Thanks for the recipe, its my dinner tonight! Substituted almonds as suggested, but I added some Dijon Mustard since my Indian Palatte demanded a spicy addition…….;-)

  123. Jenna

    Delicious! I tried it with and without ricotta – good both ways. And I’ll bet that this is one of those pastas that’s amazing with a soft egg over it. I’ll have to give it a try tomorrow night.

  124. Lori in Vancouver

    The recipe was great but I agree with David Hoffman’s comment about it needing a little something extra. I added more garlic, parmesan and black pepper and the end result was, delicioso ! Fresh looking and tasting dish and a wonderful change to regular sauces.

  125. Aidan

    I’ve made this but with whole grain linguine and an extra clove of garlic in this pesto. I also mixed in some finely chopped, steamed broccoli. It came out amazing! Thanks for the inspiration!

  126. becky

    So… I started toasting what was left of my pine nut stash in my little toaster oven and all was fine… then I turned around for a SECOND and they were all black! Sooo sad (and soo much swearing). But it turns out that walnuts are a fine substitute because it came out beautifully!

  127. How delicious and yet so simple. I’ve only ever tried pesto with garlic, pine nuts, parmesan and basil so I will need to give this a try. Thanks for the inspiration ;-)

  128. Oh, yum! I am lover of peas, so after seeing this post I immediately went out to the farmer’s market. Unfortunately, a farmer’s market right dab in the middle of Boston has higher prices than out in the country – $5 for 1/2 of fresh peas-in-the-pod!! Yikes. So me and the froze peas made sweet, nutty and delicious pesto together! I made this last night as directed and loved every bite! My company was fascinated and surprised by how good it tasted. This has certainly become a household staple! The Boyfriend suggested crispy pancetta on the top for next time. I couldn’t agree more!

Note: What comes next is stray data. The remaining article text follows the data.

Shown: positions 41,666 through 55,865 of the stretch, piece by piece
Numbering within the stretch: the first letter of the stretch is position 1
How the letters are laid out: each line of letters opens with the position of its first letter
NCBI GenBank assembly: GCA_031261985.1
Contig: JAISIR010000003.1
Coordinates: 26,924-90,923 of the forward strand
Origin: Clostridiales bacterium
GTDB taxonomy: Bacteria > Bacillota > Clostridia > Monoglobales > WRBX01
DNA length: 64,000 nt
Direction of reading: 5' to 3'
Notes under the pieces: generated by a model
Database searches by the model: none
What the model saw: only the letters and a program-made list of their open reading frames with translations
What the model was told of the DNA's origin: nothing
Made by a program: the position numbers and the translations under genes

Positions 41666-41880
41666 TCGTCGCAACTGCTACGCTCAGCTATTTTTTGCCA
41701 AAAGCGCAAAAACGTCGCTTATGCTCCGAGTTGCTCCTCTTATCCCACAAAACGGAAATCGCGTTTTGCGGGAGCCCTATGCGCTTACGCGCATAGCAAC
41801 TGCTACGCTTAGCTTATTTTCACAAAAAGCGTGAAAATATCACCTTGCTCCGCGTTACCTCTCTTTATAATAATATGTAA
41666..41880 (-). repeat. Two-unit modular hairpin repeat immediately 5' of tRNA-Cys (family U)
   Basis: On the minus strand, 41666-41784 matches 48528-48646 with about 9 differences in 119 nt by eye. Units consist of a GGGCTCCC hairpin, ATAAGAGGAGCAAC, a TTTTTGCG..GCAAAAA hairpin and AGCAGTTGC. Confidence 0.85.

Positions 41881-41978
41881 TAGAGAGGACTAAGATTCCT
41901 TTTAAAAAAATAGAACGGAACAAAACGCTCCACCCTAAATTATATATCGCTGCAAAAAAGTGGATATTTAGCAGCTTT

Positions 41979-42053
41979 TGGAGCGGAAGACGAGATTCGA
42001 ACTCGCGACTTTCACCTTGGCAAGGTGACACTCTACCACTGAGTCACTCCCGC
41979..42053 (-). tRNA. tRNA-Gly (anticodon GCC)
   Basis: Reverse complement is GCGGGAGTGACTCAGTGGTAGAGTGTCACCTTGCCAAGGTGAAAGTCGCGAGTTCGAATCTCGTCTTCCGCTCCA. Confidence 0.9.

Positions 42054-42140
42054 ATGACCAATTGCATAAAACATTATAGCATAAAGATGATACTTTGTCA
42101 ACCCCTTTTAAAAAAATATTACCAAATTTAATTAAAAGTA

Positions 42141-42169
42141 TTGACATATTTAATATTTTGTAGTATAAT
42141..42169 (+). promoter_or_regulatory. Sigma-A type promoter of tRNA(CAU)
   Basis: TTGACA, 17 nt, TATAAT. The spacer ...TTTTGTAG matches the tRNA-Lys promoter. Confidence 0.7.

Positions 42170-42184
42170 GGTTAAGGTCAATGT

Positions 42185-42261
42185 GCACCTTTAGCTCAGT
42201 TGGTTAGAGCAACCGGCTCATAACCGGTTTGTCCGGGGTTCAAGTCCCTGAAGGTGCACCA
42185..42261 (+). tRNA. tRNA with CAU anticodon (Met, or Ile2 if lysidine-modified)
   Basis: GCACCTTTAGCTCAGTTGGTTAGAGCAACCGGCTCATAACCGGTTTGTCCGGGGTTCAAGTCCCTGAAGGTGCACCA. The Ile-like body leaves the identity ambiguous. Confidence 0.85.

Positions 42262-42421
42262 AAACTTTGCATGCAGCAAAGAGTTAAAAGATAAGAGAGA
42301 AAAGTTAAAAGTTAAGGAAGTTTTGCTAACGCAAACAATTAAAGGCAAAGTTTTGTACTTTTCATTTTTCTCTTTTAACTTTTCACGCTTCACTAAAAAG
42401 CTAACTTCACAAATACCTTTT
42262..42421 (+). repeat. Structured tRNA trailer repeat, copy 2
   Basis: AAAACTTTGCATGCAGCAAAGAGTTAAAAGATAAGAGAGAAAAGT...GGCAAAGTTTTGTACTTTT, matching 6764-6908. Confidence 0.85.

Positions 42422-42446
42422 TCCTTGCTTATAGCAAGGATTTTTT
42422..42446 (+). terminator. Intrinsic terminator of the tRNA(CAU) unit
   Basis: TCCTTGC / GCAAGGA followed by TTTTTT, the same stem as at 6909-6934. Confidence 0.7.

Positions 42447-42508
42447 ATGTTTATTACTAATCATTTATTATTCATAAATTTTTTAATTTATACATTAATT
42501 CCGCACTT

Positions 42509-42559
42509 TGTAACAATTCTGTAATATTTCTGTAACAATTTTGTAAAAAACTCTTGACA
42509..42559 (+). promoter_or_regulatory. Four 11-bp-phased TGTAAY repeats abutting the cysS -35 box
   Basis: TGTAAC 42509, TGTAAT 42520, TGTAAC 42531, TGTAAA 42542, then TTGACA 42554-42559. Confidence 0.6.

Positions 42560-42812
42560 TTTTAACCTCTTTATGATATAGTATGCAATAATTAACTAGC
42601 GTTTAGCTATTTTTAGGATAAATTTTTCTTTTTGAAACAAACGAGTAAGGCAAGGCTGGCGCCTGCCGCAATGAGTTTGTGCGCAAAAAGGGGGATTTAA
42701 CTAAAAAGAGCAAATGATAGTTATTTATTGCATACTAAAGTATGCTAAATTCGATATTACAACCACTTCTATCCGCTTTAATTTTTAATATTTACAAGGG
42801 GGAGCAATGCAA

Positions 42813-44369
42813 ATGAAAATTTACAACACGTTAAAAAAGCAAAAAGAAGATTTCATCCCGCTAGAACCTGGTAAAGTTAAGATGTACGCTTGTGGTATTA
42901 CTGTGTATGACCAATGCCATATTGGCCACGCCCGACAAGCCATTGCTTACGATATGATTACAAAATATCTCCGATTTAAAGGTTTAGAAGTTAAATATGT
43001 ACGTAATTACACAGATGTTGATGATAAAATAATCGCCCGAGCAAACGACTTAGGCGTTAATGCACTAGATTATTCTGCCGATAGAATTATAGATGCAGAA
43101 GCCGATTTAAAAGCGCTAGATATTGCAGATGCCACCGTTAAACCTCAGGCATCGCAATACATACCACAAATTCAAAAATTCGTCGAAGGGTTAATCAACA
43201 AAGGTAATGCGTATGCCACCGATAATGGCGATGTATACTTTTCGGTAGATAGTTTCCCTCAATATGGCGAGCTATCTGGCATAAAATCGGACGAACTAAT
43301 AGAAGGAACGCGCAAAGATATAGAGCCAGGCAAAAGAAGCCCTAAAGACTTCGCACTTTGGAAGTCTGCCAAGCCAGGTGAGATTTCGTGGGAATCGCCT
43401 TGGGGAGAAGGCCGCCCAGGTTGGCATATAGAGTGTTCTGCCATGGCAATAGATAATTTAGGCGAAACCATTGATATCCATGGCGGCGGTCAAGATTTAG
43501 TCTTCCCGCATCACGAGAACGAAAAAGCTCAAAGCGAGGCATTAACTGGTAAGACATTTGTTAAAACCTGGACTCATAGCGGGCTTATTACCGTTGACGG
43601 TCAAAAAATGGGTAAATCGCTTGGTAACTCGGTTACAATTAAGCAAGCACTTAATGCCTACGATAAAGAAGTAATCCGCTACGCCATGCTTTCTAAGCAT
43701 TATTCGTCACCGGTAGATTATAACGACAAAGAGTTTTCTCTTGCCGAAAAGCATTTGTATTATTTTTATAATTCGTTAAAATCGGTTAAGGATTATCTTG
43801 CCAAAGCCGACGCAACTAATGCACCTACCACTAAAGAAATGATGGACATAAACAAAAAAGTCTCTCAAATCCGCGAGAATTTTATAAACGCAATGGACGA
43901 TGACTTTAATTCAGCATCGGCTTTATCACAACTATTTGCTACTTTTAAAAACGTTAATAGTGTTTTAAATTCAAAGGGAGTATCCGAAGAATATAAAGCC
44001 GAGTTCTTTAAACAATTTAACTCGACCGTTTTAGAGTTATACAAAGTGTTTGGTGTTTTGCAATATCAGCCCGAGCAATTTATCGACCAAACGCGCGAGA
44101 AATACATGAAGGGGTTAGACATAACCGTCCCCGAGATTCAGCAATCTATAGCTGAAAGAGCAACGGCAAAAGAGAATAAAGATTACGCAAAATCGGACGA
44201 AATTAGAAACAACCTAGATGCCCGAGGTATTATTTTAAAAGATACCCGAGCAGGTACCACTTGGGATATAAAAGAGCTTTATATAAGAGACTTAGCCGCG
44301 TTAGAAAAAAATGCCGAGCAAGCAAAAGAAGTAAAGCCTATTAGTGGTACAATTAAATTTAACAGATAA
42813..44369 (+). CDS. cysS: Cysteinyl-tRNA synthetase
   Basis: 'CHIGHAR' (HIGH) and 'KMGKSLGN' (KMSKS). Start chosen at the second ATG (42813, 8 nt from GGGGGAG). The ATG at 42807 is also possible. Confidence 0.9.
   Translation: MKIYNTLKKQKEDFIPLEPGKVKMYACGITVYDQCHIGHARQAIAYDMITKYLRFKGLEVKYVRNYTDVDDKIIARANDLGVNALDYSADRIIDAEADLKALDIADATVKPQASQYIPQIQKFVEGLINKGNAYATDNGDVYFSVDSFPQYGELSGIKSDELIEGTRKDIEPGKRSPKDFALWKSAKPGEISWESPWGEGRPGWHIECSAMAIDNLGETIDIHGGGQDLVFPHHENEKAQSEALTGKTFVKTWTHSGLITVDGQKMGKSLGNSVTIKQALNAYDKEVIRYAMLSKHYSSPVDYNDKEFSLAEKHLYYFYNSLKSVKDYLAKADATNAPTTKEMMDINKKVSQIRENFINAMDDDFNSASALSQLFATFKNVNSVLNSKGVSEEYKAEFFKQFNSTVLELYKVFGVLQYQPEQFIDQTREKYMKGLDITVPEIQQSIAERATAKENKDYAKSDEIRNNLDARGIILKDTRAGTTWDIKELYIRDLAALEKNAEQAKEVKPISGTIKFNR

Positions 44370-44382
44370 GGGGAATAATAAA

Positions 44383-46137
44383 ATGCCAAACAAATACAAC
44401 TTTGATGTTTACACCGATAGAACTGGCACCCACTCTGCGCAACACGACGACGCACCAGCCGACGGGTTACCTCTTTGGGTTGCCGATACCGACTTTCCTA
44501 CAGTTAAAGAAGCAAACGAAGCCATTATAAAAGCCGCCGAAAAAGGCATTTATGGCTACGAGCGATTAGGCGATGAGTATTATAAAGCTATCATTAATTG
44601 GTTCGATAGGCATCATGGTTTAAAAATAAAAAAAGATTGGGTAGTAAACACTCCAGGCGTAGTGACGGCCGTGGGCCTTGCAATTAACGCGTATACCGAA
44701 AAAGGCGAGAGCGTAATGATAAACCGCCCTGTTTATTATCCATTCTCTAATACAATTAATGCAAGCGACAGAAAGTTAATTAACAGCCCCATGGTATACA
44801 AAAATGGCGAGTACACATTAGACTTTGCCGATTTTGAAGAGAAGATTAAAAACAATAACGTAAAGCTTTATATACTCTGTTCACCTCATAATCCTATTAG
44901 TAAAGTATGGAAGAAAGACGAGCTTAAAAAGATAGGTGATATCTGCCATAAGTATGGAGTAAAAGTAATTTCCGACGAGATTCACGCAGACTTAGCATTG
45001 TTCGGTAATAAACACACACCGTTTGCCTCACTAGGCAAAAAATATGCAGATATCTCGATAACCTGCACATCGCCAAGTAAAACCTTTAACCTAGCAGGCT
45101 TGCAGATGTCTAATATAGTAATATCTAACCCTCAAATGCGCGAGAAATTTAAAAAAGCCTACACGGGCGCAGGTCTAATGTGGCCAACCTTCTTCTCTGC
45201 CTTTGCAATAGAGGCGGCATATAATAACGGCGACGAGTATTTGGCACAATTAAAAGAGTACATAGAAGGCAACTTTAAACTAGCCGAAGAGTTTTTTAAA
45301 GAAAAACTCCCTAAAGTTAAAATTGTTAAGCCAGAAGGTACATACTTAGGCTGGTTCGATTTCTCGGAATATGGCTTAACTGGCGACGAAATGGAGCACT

Thanks Deb!

  129. For those allergic to tree nuts, I’ve also used pumpkin seeds in pesto as they have a similar texture.

    The pizza place by my house had a pea pesto pizza on the menu recently and I’ve been thinking of trying to replicate it.

  130. Hi deb! made this pesto yesterday for dinner! it was really good!! I used toasted pecan nuts, as pine nuts here are sooooo expensive, they are prohibitive! Thanks for the idea! also great as a spread… I could eat it by spoonfools it was so good!
    (There´s a pesto I make all the time, and serv it with bruschettas with grilled peppers/vegetables or with pasta, of course: fresh arugula, olive oil, salt, pepper, garlic, parmesan… Much milder than basil pesto, and it´s incredible!)

  131. Marty

    My husband is a pea farmer…..really! He grows a thousand acres of green peas annually. This recipe is simple and delicious! Thanks for promoting peas!

  132. Kris

    I made this earlier this week and it was wonderful! I used frozen peas (Debbie Downer noise) but it was still great. Maybe because of that, I found that I only needed about a cup of pasta water for it to get to a nice consistency. Definitely going to try it again with fresh peas, and I think it’d be great with some torn up bits of prosciutto, too!

  133. Lindsay Johnson